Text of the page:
Homeopathy: A Critique of Current Clinical Research
An evaluation of the clinical research by the group that has published most of the papers in homeopathy, 2005–2010, finds numerous flaws in the design, conduct, and reporting along with a tendency to overinterpret weak data.
Homeopathy has remained one of the most controversial medical treatments in the world. It is based on the “like cures like” principle and the idea that serial dilution of a substance renders it not less but more potent. Both of these axioms of homeopathy lack biological plausibility (Sehon and Stanley 2010). Nevertheless, homeopathy was recently cited as one of “the most popular and widely used forms of medicine in the world” (Chatfield 2011).
Advocates of homeopathy argue that homeopathy’s “clinical effectiveness cannot be disputed” (Chatfield 2011). To prove their point, they produce evidence that seems to confirm this assumption (Fisher 2011). Critics tend to counter that these data are seriously flawed—so much so that they cannot be relied upon (Bewley et al. 2011).
The aim of this article is to critically evaluate the clinical research of the research group that, in recent years, has published most of the clinical research in homeopathy.
Medline searches were conducted to identify the team that, in the period between 2005 and 2010, had published more original, clinical research in homeopathy than any other group worldwide. Subsequently, all their publications were obtained and read in full. Data were extracted according to pre-defined criteria (Table 1). Each article was then critically evaluated.
The most prolific research group in this area was identified to be from Berlin. Within the last five years, this team published a total of eleven clinical studies (Brinkhaus et al. 2006; Keil et al. 2008; Teut et al. 2010; Witt et al. 2005a; Witt et al. 2009a; Witt et al. 2005b; Witt et al. 2008; Witt et al. 2009c; Witt et al. 2009b; Witt et al. 2010; Witt et al. 2011) (Table 1). The articles refer to randomized clinical trials and cohort studies published in both conventional (n=7) and alternative medical journals (n=4). Most of the articles have major limitations, which will be discussed below.
Homeopathy is not an area of buoyant research activity; the fact that one center published eleven clinical studies of homeopathy within five years is remarkable. The eleven publications fall in three categories: randomized clinical trials (RCTs); cohort studies without controls; cohort studies with controls. These will be discussed in turn.
Three RCTs of homeopathic arnica were published in one single article (Brinkhaus et al. 2006). They all included patients undergoing arthroscopic knee surgery and all used change in knee circumference after surgery as the primary outcome measure. The first study included 227 patients with arthroscopy, the second thirty-five patients with artificial knee joint implants, and the third fifty-seven patients with cruciate ligament reconstructions. No power calculations were provided. The first two RCTs showed no significant effect of peri-operative homeopathic arnica D30 compared to placebo. The third RCT did demonstrate a significant reduction of 1.8 percent. The authors also mention a post-hoc pooled analysis of all three RCTs that revealed a borderline significant effect (p=0.04). They conclude that “patients receiving arnica showed a trend toward less post-operative swelling compared to patients receiving placebo” (Brinkhaus et al. 2006) and recommend that the observed effects “seem to justify the use of homeopathic arnica in cruciate ligament reconstruction” (Brinkhaus et al. 2006). The authors did not critically discuss the clinically irrelevant reduction in knee circumference. The stated aims include investigating the safety of homeopathic arnica, yet the sample size is far too small for identifying rare adverse effects. No conflicts of interest were mentioned in the article (Brinkhaus et al. 2006).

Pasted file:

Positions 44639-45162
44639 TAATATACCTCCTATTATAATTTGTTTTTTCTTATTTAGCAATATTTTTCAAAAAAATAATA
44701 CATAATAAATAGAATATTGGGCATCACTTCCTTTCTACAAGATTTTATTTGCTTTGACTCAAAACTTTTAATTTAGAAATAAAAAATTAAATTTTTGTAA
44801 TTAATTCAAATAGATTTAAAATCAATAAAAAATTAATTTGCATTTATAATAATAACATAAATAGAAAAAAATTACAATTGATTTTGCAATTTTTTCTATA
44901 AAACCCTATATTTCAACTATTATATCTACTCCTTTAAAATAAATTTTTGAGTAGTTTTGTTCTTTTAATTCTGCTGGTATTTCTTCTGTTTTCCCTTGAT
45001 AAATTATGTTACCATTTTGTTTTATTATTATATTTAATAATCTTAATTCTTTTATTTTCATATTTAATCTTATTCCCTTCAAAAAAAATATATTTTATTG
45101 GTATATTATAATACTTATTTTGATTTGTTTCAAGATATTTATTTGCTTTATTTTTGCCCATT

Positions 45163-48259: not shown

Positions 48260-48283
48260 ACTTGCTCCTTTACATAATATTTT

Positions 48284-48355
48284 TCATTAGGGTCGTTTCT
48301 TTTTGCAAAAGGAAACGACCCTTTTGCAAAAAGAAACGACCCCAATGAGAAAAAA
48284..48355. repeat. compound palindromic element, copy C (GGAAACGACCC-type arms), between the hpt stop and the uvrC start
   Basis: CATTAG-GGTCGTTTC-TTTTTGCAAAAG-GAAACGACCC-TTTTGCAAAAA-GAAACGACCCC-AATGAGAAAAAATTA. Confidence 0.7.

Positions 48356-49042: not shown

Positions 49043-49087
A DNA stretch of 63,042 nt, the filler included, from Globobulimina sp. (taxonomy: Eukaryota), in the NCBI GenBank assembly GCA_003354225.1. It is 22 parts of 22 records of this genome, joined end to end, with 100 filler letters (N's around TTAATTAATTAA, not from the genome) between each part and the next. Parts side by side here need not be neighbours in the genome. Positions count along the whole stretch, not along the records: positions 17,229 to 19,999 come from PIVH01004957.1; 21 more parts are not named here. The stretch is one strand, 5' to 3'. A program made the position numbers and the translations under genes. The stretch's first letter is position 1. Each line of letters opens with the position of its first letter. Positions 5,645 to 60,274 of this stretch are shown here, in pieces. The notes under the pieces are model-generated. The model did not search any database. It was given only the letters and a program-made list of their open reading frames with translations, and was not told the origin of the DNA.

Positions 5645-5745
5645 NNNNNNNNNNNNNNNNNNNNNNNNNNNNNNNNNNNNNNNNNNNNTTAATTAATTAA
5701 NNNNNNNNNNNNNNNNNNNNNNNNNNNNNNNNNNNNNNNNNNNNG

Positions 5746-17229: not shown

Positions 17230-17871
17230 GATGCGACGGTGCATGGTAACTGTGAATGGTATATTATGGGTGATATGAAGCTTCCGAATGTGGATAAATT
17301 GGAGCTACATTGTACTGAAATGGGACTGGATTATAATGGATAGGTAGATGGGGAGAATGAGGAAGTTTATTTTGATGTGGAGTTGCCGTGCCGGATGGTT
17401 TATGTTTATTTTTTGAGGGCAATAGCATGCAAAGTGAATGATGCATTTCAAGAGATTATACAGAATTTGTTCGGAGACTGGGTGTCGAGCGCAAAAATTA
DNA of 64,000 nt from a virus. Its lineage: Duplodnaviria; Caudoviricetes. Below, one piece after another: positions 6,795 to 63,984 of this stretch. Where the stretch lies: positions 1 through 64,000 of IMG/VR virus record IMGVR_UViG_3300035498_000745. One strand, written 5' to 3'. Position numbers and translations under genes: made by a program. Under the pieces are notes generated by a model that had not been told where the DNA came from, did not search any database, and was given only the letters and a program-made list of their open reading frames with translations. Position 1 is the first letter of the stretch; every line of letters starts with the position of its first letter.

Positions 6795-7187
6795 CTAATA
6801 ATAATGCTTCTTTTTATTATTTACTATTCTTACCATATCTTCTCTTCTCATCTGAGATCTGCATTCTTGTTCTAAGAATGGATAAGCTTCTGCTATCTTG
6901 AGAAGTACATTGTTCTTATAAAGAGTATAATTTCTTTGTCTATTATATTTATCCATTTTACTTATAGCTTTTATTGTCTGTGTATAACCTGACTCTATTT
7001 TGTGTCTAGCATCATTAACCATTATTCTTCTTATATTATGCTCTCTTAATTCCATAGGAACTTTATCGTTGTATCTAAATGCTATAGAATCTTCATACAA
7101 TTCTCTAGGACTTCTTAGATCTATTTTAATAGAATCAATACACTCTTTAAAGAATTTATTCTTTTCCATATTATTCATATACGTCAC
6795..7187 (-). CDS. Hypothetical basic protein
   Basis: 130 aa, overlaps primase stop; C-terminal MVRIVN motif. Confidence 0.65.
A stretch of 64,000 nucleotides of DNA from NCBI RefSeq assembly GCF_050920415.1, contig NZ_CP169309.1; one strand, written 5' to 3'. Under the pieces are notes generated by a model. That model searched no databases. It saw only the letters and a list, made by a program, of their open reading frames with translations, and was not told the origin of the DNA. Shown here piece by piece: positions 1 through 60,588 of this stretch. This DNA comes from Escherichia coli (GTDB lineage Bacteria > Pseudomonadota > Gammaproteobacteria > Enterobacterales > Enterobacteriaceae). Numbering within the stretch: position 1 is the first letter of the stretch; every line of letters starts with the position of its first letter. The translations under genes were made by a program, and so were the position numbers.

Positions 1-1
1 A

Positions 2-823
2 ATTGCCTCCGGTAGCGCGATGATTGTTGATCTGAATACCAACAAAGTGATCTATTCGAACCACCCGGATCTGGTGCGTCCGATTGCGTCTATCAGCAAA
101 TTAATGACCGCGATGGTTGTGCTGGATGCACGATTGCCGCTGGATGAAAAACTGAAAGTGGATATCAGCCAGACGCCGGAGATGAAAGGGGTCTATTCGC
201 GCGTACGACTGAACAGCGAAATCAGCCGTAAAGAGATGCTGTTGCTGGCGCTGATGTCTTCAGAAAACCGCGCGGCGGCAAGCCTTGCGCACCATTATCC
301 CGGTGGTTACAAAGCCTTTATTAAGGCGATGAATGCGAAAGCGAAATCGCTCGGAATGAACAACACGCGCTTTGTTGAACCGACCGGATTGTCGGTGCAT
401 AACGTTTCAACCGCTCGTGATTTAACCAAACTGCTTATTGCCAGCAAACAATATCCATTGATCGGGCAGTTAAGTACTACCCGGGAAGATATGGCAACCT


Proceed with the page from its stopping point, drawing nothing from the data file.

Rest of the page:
This cohort study was submitted to a multitude of analyses that (so far) have been published in a total of seven articles (Teut et al. 2010; Witt et al. 2005b; Witt et al. 2008; Witt et al. 2009c; Witt et al. 2009b; Witt et al. 2010; Witt et al. 2011). The first two of them refer to the results at year two (Witt et al. 2005b), the third at year eight (Witt et al. 2008). The stated aims of the two- and eight-year follow up are, however, remarkably different (Table 1). The authors recruited 103 primary care practices in Germany and Switzerland employing homeopathy. All patients consulting the homeopathic physician for the first time were included regardless of diagnosis. About 68 percent of the patients “believed” in homeopathy. The main outcome measures were patients’ and physicians’ assessment of complaints. The questionnaire used for children had been validated, but the other outcome measures had been developed by the researchers themselves and had not been formally validated. All patients underwent an initial consultation by their homeopathic doctor lasting two hours on average.